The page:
Either way, it’s an exquisite artwork, framed by equally remarkable religious depictions and paintings, like that of Zoodohos Pigi, created in 1650 in Venice by the famous Cretan painter Theodoros Poulakis, the one of Immaculate Venice, also by an important Cretan iconagrapher, Emmanuel Tzanes, or the one donated to the monastery as a sacred religious memento by Andreas Miaoulis, admiral of the Greek fleet in the revolution of 1821. A really touching story is connected to another valuable icon of Virgin Mary, a work of the Italian painter Raffaello Ceccoli in 1853. It is believed that Christ’s mother has the face of his ill daughter, who had visited the monastery with him, and was buried in the church yard when she died. Her tomb can still be seen there today.

Before leaving the tall walls of the monastery complex behind you, make sure you take a moment to enjoy the gorgeous view that spreads from the leafy slope down to the calm blue waters of Monastiri beach, often dotted by impressive yachts that anchor in the wind protected, picturesque bay. When you finally leave the monastery, make sure you don’t miss the traditional coffee house – Kafenio Melistakto, next to the historic water spring, after which the monastery in named, as the water that purrs through a marble lion head is believed to have healing properties. Next to it stands a whitewashed, small chapel, dedicated to two saints, which you can also visit.

Kafenio Melistakto is the ideal place to enjoy a tasty breakfast if you plan your visit to the monastery in the morning. Homemade lemonade and sour cherry drinks will refresh you and much perfectly the excellent homemade cheese pie. Don’t hesitate to give in to the delicious, fresh and also homemade desserts, like the light lemon pie, the fluffy ekmek and the walnut pie, the traditional galaktoboureko that smells amazing as it’s made with fresh butter, or if you prefer something lighter, try the traditional Greek sweets of the spoon, like the sour cherry, that match perfectly a cup of coffee under the shade of the old plane trees. They are all prepared on spot, by Mrs Nektaria, the energetic and polite owner, and served by her husband Mr Meletis who will also give you useful information about Poros.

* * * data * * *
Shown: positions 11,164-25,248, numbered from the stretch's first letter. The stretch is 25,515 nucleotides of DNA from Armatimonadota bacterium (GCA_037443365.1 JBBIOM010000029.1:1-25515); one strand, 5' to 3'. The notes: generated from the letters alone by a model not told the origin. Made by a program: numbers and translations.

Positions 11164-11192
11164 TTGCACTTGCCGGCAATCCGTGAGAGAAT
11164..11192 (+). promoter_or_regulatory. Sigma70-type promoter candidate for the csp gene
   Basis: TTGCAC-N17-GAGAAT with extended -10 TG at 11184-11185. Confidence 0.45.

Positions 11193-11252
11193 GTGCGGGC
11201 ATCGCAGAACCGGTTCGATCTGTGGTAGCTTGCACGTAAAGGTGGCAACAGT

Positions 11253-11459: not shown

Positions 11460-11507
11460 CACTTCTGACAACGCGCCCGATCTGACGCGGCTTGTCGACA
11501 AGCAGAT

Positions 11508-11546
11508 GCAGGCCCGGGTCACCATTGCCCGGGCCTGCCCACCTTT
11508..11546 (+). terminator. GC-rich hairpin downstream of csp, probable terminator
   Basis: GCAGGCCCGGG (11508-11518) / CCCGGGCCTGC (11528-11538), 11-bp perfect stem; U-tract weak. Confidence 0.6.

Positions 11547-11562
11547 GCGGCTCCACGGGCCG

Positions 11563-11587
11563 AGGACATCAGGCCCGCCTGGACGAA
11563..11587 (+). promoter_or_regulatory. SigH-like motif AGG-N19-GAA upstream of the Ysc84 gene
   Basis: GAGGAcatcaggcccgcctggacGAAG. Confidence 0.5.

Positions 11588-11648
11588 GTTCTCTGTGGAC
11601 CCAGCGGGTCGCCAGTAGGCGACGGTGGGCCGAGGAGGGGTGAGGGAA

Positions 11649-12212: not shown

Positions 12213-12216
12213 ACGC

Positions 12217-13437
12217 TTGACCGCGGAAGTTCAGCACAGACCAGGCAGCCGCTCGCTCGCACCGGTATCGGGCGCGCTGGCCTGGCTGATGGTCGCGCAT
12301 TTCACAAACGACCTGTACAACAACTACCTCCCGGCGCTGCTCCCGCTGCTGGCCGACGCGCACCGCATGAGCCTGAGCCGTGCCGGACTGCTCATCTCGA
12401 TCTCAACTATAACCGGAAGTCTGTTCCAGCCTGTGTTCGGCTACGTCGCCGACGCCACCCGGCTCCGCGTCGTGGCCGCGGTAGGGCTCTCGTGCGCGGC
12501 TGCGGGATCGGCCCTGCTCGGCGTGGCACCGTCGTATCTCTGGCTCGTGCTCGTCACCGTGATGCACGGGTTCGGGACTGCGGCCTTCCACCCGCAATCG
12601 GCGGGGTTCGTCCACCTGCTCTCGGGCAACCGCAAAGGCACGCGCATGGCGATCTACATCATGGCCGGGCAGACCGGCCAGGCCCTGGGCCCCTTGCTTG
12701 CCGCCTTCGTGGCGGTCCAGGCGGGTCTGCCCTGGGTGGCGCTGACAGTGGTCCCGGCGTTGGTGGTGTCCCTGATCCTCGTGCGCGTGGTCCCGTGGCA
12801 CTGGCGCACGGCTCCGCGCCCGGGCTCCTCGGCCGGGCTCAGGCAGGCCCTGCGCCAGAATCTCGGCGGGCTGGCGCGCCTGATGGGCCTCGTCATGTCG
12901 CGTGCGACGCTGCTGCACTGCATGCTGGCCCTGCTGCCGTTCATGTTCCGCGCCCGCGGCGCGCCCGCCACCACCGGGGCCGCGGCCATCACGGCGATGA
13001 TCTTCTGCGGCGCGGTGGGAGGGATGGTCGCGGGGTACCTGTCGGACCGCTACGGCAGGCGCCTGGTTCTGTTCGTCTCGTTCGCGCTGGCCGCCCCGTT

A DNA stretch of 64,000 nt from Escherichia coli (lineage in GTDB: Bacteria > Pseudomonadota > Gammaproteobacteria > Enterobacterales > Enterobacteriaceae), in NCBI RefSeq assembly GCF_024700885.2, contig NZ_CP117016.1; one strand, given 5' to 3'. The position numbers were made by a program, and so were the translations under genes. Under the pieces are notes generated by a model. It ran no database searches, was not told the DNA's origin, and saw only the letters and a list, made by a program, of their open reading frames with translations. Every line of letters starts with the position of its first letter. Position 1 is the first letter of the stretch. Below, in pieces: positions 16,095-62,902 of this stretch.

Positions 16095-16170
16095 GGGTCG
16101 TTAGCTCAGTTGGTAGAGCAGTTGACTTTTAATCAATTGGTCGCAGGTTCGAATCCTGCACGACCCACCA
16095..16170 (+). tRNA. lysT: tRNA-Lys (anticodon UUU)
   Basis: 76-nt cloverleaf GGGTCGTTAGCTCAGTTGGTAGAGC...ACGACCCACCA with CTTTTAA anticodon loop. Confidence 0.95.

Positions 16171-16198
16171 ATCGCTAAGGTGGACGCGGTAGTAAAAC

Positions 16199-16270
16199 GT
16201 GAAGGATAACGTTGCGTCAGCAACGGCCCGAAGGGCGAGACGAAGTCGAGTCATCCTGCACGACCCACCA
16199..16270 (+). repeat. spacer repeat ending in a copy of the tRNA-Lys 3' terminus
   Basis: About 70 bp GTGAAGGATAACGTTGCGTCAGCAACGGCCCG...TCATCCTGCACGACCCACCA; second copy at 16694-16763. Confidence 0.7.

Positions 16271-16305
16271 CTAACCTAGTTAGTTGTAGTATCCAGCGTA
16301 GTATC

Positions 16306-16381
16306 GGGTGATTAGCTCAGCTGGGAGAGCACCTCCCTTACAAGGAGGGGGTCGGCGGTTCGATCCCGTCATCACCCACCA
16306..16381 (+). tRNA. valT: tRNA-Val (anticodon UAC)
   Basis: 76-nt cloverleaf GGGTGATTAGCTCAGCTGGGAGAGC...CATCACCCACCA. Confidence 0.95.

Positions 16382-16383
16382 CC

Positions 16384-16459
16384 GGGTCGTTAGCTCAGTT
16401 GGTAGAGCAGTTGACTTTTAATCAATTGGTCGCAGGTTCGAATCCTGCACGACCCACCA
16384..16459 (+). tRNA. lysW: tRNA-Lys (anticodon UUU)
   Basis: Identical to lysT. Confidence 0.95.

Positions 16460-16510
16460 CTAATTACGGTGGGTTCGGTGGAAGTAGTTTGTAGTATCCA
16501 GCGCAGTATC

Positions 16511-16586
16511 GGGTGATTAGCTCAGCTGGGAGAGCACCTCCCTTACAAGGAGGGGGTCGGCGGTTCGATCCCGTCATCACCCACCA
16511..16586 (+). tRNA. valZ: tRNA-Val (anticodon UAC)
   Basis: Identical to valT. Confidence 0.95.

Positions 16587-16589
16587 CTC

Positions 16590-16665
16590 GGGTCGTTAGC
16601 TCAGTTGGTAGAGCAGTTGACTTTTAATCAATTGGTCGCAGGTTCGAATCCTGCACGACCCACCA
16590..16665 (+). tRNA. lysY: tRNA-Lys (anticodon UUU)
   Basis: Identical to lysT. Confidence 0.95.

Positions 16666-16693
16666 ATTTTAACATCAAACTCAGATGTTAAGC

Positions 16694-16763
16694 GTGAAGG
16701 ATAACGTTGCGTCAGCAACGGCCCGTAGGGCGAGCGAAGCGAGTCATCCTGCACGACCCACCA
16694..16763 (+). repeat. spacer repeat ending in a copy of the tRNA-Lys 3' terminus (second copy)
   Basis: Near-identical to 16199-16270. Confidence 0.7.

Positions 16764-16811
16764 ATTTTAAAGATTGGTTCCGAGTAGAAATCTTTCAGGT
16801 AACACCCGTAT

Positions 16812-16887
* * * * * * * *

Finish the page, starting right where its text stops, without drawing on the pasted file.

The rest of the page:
In the southeastern side of Poros’ coastline, you will combine swimming in a wind protected beach with a visit to one of the most important sights of the island

It’s now time for a refreshing dive and relaxation in the small, lovely beach you were gazing at a little while ago. Most of it is well organised with colourful sun umbrellas and comfortable sun beds, which can be pre-booked and there’s also a canteen style beach bar that serves juices, cocktails and snacks. And with free shower facilities available for all, the only thing you should focus on is swimming in the clear waters and enjoying the wonderful view that extends to the shores of Peloponnese, the Lemon forest of Galatas and the small island called Bourtzi. Take a careful look at it and you will notice a fortress built in 1827 that is now a historic, protected monument, one more sight in the list of many, interesting ones await for you in idyllic Poros.